The U.S. Department of Energy specifies five elements of a complete passive solar home design:
1. Aperture (Collector): this is the window area where sunlight enters the building. In the U.S., this should orient to within 30 degrees of true south and must not be shaded between 9 am and 3 pm during the cold season.
2. Absorber: the surface within the home that absorbs heat from the sun. It sits in the direct path of sunlight, and could be a masonry wall, floor, or partition.
3. Thermal Mass: the materials that store heat from the sun. This is the material below or behind the absorber, and may form a floor or wall. Cement tiles provide excellent thermal mass. The more mass in a home, the longer for the effects of temperature swings to be felt. Thermal mass allows for ride through of a short hot or cold spell.
4. Distribution: how the collected and stored solar heat circulates throughout the house. This is mainly accomplished through the three natural heat transfer modes (conduction, convection, and radiation). Fans, ducts and blowers may also be used.
5. Control: keeping sun out during the hot months. Awnings, low-emissivity blinds, and fans, vents and dampers restrict heat flow during the season when cooling rather than heating is needed.

Existing homes can be retrofitted to passively collect and store solar energy. Elements such as window location, window types, insulation and air sealing, and even landscaping can play an important role in using the sun’s natural heat and light to reduce a home’s energy needs.

Zero energy home design
A “zero energy home” is one that produces all the energy it needs, and maybe more. By combining energy efficient construction and appliances with renewable energy systems such as solar water heating, solar electricity or even geothermal or wind-generated electricity, a zero energy home is good for the planet and good for its occupants. These homes are environmentally sustainable in that they save energy and reduce energy-related pollution. Zero energy homes typically have improved comfort due to less temperature fluctuation, and they protect the owner from fluctuations in energy prices and, depending on how they are designed, from power outages.More info at

Some design features of a zero energy home include:

Climate-specific design
Passive solar heating and cooling
Energy efficient appliances and lighting
Solar electric and solar water heating systems

Environmental and Economic Benefits

Global warming: Except for the small percentage coming from renewable sources, the energy used by homes adds greenhouse gases to the atmosphere. In fact, fossil fuels are responsible for over 80% of the global warming problem.

Air pollution: In addition to warming the planet, fossil fuels burned for energy production add unhealthful emissions to the air we breathe every day.
Success stories

Homeowners across the U.S. are buying into the idea of energy efficiency. A 2007 survey by the National Association of Home Builders found that home buyers would be willing to spend nearly $9,000 more on a home purchase if the home had green features that would save them on their utility bills.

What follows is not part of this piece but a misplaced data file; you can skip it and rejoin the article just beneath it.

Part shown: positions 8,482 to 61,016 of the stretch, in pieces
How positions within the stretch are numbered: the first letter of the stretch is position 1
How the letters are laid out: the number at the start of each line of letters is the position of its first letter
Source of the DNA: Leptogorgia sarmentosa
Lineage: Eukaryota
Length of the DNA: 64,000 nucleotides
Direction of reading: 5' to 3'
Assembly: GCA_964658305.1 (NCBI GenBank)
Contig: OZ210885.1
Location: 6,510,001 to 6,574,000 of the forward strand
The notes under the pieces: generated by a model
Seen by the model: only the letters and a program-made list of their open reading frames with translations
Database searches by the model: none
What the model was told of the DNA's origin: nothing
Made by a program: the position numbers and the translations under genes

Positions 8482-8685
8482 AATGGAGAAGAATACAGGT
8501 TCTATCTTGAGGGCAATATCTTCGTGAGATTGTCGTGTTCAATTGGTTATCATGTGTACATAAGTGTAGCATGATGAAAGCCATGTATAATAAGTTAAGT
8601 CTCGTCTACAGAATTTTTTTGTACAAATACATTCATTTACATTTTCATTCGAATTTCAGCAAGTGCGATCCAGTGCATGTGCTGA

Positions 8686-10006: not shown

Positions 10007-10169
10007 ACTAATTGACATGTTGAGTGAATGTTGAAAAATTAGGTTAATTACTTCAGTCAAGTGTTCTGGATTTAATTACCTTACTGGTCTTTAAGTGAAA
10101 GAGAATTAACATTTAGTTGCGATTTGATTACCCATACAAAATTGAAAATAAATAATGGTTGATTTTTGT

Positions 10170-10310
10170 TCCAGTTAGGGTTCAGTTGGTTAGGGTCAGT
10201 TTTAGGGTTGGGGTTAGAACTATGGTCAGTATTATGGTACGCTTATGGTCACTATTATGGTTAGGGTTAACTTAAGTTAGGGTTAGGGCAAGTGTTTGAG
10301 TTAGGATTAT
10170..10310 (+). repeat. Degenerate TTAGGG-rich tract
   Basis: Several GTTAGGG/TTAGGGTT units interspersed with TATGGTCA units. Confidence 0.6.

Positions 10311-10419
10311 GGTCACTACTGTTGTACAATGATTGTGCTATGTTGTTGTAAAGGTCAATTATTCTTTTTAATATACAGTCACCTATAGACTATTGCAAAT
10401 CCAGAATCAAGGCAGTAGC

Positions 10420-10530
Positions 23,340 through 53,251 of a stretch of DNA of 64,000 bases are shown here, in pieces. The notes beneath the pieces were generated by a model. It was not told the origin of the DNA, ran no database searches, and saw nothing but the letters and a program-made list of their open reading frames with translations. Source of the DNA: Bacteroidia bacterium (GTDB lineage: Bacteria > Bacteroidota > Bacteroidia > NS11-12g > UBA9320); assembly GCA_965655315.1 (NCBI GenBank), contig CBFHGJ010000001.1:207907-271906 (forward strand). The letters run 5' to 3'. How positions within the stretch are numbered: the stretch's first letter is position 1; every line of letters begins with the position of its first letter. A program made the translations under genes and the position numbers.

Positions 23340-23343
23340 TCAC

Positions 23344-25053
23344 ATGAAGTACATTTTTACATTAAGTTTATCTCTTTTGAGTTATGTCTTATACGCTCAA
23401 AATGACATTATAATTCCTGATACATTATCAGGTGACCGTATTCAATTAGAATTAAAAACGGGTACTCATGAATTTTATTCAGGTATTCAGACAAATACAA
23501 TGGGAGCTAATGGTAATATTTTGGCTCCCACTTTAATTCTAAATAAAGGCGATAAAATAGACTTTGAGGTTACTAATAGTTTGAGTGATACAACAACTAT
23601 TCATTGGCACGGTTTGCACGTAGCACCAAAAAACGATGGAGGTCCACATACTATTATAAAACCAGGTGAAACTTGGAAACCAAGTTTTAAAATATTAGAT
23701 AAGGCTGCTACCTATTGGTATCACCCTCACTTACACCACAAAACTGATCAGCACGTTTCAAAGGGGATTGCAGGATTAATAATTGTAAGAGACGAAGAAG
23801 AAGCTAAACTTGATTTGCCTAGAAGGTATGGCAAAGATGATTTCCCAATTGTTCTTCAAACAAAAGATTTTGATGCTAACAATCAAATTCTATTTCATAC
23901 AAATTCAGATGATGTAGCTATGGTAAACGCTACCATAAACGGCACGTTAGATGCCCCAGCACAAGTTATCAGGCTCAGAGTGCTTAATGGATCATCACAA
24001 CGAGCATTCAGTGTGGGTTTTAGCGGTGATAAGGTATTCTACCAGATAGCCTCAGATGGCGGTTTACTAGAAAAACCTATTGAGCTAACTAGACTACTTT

A Newsweek article (March 17 2008) highlighted a couple living in Grapevine, Texas whose home is so efficient that the heat hardly kicks on even on the coldest days. Their house is packed with green innovations, including a 10,000 gallon tank to collect rainwater from the roof, and solar panels to heat their water. Yet homeowner Ross Bannister says people are sometimes surprised to hear about the home’s advanced technology, since on the outside it looks like a classic Texas farmhouse.

A couple in North Bend, Washington invested in a geothermal system that cost them more than twice what a traditional heating and cooling setup would. Yet they calculate they will recoup their costs in six years, and they’ll feel good about reducing their carbon footprint along the way.
More info at


CROATIAN CENTER of RENEWABLE ENERGY SOURCES (CCRES)• was founded in 1988 as the non-profit European Association for Renewable Energy that conducts its work independently of political parties, institutions, commercial enterprises and interest groups, • is dedicated to the cause of completely substituting for nuclear and fossil energy through renewable energy, • regards solar energy supply as essential to preserve the natural resources and a prerequisite for a sustainable economy,• acts to change conventional political priorities and common infrastructures in favor of renewable energy, from the local to the international level, • brings together expertise from the fields of politics, economy, science, and culture to promote the entry of solar energy, • provides the opportunity to play a part in the sociocultural movement for renewable energy by joining the association for everyone, • considers full renewable energy supply a momentous and visionary goal - the challenge of the century to humanity. Zeljko Serdar Head of CCRES association